I am sitting on “Joshua’s chair” in the corner of the lounger. Behind me the stacking doors are open trying to capture the smallest of breezes to break the summer heat. Avanthi, is talking about a memorial book for Josh and surreptitiously feeding cheese curls to Snowy who, after a rocky hair-on-his-back-standing-up introduction, has decided that he likes Avanthi after all.
Prashanth and Minaav, Joshua’s best friends, are sitting to my left. I listen, with half and ear to their scathing commentary on their family and friends. In this unguarded moment they are irreverent and funny. Just the way Josh liked his friends to be.
Chris-the-elder (young, hot and alleged to only cry for animals) has just agreed to not being weirded out when I stare into his eyes when I deliver my eulogy for Josh on Thursday. I will only get through it if I can avoid looking at anyone un-stoic. His wife, Tayla is trying, unsuccessfully, to make our cat, Olivia, love her whilst simultaneously proof reading the program.
Mala and Kiana are putting on a brave face and I long to tell them again how much they did to research and nag and question all things cancer in a search for a cure for Josh. How grateful I am. How it’s time to stop berating themselves and acknowledge the role they played in extending the time he had.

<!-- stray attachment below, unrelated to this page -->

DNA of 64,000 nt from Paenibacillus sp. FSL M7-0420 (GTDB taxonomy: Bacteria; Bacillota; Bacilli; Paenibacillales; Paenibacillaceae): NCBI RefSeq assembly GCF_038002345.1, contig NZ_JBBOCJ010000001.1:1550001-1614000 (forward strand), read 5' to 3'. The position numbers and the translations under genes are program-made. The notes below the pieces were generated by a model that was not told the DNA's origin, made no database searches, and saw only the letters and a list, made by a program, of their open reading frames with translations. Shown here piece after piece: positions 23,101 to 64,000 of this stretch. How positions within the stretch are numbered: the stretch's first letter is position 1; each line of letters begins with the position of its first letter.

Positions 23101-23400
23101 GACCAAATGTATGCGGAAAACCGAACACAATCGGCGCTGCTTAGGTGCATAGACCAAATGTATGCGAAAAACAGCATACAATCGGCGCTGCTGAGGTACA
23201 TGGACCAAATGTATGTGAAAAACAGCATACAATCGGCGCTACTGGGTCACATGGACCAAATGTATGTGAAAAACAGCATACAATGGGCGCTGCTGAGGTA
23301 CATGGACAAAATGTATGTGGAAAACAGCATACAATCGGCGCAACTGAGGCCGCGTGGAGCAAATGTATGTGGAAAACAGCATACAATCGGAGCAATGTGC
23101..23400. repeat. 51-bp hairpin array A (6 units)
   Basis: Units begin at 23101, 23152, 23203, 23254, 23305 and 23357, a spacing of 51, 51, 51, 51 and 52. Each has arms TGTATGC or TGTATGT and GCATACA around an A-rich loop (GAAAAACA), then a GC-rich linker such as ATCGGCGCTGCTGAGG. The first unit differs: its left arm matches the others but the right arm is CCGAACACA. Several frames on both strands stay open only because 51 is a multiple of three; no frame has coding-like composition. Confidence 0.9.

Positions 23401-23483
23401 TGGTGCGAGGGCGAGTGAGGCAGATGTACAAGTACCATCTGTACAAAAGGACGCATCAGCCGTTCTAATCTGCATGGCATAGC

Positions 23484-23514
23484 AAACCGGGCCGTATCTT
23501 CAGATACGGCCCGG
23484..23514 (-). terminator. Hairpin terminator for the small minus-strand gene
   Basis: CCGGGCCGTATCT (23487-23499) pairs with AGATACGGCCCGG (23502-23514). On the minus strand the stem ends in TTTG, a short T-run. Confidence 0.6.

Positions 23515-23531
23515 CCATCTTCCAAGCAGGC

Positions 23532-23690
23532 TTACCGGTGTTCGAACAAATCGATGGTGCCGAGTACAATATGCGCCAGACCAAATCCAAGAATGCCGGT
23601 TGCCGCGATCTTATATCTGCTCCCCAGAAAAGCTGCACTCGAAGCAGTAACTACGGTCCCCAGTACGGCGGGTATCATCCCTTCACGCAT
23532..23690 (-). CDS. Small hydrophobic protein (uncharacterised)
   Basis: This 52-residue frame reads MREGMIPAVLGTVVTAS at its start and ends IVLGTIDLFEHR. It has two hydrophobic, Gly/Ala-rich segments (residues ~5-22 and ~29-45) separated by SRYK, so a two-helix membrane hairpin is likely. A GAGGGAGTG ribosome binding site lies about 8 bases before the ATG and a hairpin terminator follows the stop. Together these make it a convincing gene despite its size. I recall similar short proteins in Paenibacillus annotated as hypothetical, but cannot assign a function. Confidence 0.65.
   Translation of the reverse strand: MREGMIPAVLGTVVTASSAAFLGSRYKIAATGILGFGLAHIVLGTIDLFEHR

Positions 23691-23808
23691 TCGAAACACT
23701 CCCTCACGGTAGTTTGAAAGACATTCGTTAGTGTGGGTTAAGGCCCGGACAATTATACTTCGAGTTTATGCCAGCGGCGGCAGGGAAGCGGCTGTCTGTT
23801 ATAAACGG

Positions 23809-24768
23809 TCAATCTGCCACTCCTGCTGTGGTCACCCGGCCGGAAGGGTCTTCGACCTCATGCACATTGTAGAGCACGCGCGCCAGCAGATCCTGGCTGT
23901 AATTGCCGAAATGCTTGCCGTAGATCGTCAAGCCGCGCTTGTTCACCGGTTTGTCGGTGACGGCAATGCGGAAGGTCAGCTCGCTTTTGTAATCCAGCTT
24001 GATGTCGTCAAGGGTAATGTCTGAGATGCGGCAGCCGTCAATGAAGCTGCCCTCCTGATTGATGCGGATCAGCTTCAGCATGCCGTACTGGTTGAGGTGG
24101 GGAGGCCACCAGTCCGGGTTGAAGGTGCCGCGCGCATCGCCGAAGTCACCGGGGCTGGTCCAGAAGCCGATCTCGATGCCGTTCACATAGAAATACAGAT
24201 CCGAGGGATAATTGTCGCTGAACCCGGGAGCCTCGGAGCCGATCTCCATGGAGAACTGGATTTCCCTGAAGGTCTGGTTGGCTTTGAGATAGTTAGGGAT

Doug and Lauren arrive with their son’s Jayden and Kai. Chris-the-younger and Jayden scurry off to take advantage of a few unsupervised hours.
Rose who we met through the kids school arrived first and has already gone about her day.
Shannon leans over and whispers in my ear. “Look at how big our family has grown,” he says. “The one thing that everyone has in common is Josh. He brought them all here.” Shannon’sright. Barring our blood relatives, we became friends with every person in the room through Josh.
Josh did not believe in the afterlife but, as Ilook across the room, I realise he is everywhere. Despite all our claims at introversion, Josh has overruled us. He has brought all these people into our home and our hearts. Helping us to shoulder grief’s burden.